Regardless of who said it or why, I truly believe times have changed. I know there are many people today wanting to give Exodus the right to be who they are, to preach their message – I think many more people have become accepting of the idea that anyone, straight or gay have the right to live the way they choose.

    The real problem today, and I believe a real reason many people are critical of Exodus today, is because of who they are in bed with (Focus on the Family and James Dobson) and how deeply they are involved with politics. I’d stop speaking out against Exodus if they would stop their political games.

    The other problem with politics goes deeper and has to do with their double standard. They want equal rights, they want respect and equal treatment, but they don’t want to give that to gay people.

    All of these things are real problems – and why, I believe, Exodus will make no progress until they change their ways – They keep taking two steps forward, but also 3 back. Alan’s mixed comments of late are good examples of that.

  2. No matter who said it (that Exodus had never NOT been political), it’s a misstatement. The closest that comes to the truth is that ‘since the beginning, people HAVE PERCEIVED the Exodus message as political’.

    I do hope the poster resurfaces because I’d like to have them defend their comment in the face of my very real memories. I was always extremely cautious about any political involvement; my ministry partner (an Exodus board member) and I discussed politics enough to know that 1) we had some serious issues with ‘right wing’ politics 2) we didn’t want our message muddied by connecting to groups who had high-levels of homophobia mixed in with their Christian agenda 3) we didn’t even agree with each other on every gay-related political issue. We lost or turned down support from a number of congregations because of our refusal to make political statements or support particular right-wing causes. Please believe me, we felt strongly enough about this issue that we would have separated from Exodus back in its infancy if it had been political.

    One of the hotbed issues way back then was ‘returning prayer to schools’. On the surface, it looked like an issue that every conservative Christian should support but I saw (and see) it differently. I saw state enforcement of religion. “Prayer in school’ used to be a one minute meditation that came piped in from the principal’s office (think Ferris Buehler’s Day Off). It struck me even then that there were people in my school who were religious but not Christian. You can’t require Jews, Hindus, Muslims etc to attend your public schools and then force them to take part in a daily ‘Jesus lesson’. (I felt particularly cheated when Gore/Lieberman did not assume the presidency; I wanted to see how they were going to handle the typical ‘Billy Graham, hand on the (christian) Bible’ swearing in.) Anyway, a number of Exodus leaders had similarly diverse views that kept us a safe distance from the politically involved conservative Christians.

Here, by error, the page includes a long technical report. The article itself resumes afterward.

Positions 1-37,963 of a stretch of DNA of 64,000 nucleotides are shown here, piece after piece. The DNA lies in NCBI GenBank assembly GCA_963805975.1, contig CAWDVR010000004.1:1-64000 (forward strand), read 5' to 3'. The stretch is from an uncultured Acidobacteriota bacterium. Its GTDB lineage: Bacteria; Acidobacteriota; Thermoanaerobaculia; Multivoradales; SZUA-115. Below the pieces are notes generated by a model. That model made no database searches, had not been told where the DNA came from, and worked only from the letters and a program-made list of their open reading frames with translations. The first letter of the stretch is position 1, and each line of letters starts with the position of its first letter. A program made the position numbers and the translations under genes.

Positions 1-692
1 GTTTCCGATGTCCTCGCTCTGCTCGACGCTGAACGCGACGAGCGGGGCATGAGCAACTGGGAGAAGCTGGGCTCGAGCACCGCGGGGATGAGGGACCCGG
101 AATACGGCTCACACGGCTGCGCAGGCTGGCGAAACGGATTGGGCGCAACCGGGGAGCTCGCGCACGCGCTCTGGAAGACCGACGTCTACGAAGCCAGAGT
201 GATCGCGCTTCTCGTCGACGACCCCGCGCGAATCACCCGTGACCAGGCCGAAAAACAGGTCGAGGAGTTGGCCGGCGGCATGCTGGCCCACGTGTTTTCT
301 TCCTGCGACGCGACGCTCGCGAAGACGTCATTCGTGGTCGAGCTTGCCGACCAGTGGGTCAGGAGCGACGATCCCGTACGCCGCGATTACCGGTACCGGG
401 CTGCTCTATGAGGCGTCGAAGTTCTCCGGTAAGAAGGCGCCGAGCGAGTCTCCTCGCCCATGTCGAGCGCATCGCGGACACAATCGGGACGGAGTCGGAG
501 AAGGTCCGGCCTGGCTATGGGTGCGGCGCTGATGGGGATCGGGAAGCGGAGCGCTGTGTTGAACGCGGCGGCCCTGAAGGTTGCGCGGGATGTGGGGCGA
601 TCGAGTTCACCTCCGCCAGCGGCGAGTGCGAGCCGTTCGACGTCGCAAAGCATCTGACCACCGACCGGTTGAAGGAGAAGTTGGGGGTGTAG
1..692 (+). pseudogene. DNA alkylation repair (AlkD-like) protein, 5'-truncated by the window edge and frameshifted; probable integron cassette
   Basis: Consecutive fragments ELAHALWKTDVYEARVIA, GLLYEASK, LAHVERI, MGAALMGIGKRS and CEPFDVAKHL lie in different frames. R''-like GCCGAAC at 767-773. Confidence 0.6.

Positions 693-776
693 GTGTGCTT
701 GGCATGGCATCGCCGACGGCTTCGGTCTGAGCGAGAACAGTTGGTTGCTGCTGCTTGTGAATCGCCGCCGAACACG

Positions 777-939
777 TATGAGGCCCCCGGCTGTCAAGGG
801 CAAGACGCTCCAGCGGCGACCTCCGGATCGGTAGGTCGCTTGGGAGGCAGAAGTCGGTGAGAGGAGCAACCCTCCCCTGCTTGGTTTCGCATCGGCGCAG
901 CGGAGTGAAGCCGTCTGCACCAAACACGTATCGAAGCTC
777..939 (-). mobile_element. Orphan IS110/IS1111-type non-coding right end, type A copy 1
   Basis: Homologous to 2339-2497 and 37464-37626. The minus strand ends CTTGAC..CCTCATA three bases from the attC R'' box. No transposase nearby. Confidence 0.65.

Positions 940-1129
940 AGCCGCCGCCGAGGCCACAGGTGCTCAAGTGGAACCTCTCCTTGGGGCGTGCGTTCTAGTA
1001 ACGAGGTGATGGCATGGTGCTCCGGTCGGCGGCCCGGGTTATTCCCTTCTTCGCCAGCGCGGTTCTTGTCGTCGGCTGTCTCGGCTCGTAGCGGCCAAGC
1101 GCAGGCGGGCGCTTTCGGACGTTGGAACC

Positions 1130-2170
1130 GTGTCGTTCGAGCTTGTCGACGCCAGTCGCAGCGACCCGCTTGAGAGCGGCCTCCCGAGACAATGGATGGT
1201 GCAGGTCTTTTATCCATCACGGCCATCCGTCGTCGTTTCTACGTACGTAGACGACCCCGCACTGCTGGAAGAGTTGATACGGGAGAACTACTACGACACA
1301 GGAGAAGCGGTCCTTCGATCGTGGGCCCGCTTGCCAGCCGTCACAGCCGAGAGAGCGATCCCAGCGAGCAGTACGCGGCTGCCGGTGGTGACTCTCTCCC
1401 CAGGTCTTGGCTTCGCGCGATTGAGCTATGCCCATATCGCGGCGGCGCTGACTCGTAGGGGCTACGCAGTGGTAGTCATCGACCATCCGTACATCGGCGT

The first and only political statement of any nature that I can recall from our Exodus affiliate was “A Compassionate Response to Aids” where we actually distanced ourselves from the prevailing conservative responses at the time.

  3. Eddy,

    I’ve read so much on this site I don’t remember where I read it, but I promise you it was here. Alan had made a comment that for Exodus to get out of politics wouldn’t get most people off its back because Exodus didn’t used ot be political and people were trying to undermine them then, and another person countered that Exodus had never NOT been political. Hopefully someone will read this and say it again.

  4. Jayhuck,

    I don’t remember the discussion you referenced re some ex-Exodus people stating that there was never a time that Exodus wasn’t political. I don’t recall ANYONE blogging here that could speak to the early days of Exodus except Michael Bussee, myself and an occasional visit from my former ministry partner, Robbi Kenney. So, please help me to locate the discussion you referenced.

    (We’re in a blog time-warp, by the way. This is actually a thread from May that reactivated. LOL! The ‘couple of discussions back’ could actually be in thread topics yet to come.)

  5. Eddy,

    It is one thing to secure protection for your own views, its another thing entirely to actively seek to prevent others from having those same rights – which is what Exodus does now, and it is very two-faced in its demands.

    If you remember, a couple of discussions back, some ex-Exodus people stated that there was never a time when Exodus wasn’t political, and I believe that.

    You are right – it is “Patently unfair”, and I’d go one further, UNJUST, to prevent gay people from having the benefits of marriage, which include, but are not limited to, those few protections you listed under your statement on domestic partnerships.